Review Summary: Progressive rock that does a lot of progressing but doesn't progress far enough to be called brilliant.
The local Australian circuit has been kind to Cursed Legacy, a mysterious project and group that has taken every element of bands like Coheed, Anathema, Pink Floyd, Yes, Genesis and Dream Theater and softened it whilst increasing the concept and call-back of the progressive rock genre. With their first release "Death of a Hero" fetching a modest amount of attention in 2008 and their grungier darker album "The Encounter I" taking the band into what one would only assume as a new and permanent direction, their latest offering is surprisingly stripped bare with the evidence that this is either a band that knows what their sound is but will string its dynamic fan base along or it's one that has yet to decide what it truly wants to be. Either way this is another album from a decent variety of who deserve the title "experimental".
Tortured by Remorse is a mostly piano-led album that doesn't contain its predecessor’s screams or musical variety but succeeds at what it attempts: to give the listener a turbulent and emotion provoking experience. From its creepy old-time radio introduction (Professional Help) to its dark cabaret opener “Welcome In” all the way to its finale “Retributions” – Tortured by Remorse is a release that is solid and consistent but not without fault.
The concept of the record is loosely associated with the band's debut "Death of a Hero". The lyrics detail a tale of confusion and deception when the title character (who I'd personally assume is a war 'hero') kills his beloved wife - the only person to have ever understood his mental deterioration and his split personality - and then lives to regret everything he has done for her. Noticing the lyrical hints at fighting an imaginary war and struggling to deal with his fear of time, the listener is taken on quite a journey.
As hinted in the previous paragraph, this album requires quite a bit of assumption. There's no outlining of exactly what the album is about. This adds to the mystery of the music as it requires a little guesswork during the course of the 40~ minute record. Their previous album "The Encounter" had a straightforward storyline about alien abduction and the trauma the main character had faced and very little [for lack of a better word] progression other than "they basically probed me in my naughty area".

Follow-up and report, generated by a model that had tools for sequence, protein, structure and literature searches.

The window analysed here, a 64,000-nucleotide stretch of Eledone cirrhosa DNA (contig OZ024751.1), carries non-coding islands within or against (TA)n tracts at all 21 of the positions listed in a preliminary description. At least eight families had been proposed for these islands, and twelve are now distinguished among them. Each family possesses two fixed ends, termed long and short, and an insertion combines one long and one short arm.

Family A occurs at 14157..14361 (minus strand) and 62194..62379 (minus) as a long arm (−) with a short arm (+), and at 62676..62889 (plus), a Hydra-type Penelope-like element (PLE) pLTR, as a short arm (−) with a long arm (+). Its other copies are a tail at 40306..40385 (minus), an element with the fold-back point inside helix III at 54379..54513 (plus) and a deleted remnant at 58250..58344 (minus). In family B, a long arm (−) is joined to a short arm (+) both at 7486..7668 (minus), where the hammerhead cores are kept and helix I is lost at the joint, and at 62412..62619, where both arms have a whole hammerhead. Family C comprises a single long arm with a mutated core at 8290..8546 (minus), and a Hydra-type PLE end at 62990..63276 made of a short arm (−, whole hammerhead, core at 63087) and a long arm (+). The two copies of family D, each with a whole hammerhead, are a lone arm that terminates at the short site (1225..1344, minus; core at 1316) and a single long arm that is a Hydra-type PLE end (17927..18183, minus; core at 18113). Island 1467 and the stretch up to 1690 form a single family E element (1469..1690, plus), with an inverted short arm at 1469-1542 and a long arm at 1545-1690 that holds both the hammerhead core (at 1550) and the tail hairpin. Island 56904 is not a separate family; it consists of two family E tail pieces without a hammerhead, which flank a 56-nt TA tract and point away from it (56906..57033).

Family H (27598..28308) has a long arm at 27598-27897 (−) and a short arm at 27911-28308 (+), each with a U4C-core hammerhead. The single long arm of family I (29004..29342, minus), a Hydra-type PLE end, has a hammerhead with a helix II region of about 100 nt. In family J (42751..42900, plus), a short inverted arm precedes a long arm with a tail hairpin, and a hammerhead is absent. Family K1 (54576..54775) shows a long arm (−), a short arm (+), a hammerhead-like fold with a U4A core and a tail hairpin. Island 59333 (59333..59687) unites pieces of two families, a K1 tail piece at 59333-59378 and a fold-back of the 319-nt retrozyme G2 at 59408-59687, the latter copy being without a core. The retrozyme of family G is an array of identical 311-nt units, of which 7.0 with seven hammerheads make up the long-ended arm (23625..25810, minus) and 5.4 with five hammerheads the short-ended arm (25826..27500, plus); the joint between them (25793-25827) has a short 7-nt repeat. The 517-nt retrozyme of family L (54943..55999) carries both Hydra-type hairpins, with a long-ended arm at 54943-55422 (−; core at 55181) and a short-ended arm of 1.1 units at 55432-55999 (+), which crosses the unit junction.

With the epic track "Take me to the River" in which the orchestration and composition may be the most complex that Cursed Legacy has ever achieved in their six years as a group, it's somewhat sad that the next part of my review is true: lack of production quality.
The sound that Cursed Legacy gave in their more polished release "The Encounter" wasn't exactly flawless but it was a little higher in production than Tortured. Being a relatively cult band without the backing of a record label or financial support certainly gives albums like these a bit of a weak point. There are no issues with the mixing or production of the album per se; just a noticeable decline in the ‘fullness’ of the tracks. This album was most likely recorded in a low-budget home studio environment with little input from instrumentalists featured which gives it the sense of being rushed – an opinion that is discernibly unmistakable throughout.
I can’t help but feel as though this is the album that could have been. It’s short and lacking, yet it’s beautifully written and could have been recorded as a musical much like Jeff Wayne or Rick Wakeman’s ventures. Instead, you’re left wanting more and expecting a huge climax from an album that is suffering from the lack of power and motivation. A great effort for Cursed Legacy but far from being the album that will expose them to the fans they are attempting to gain.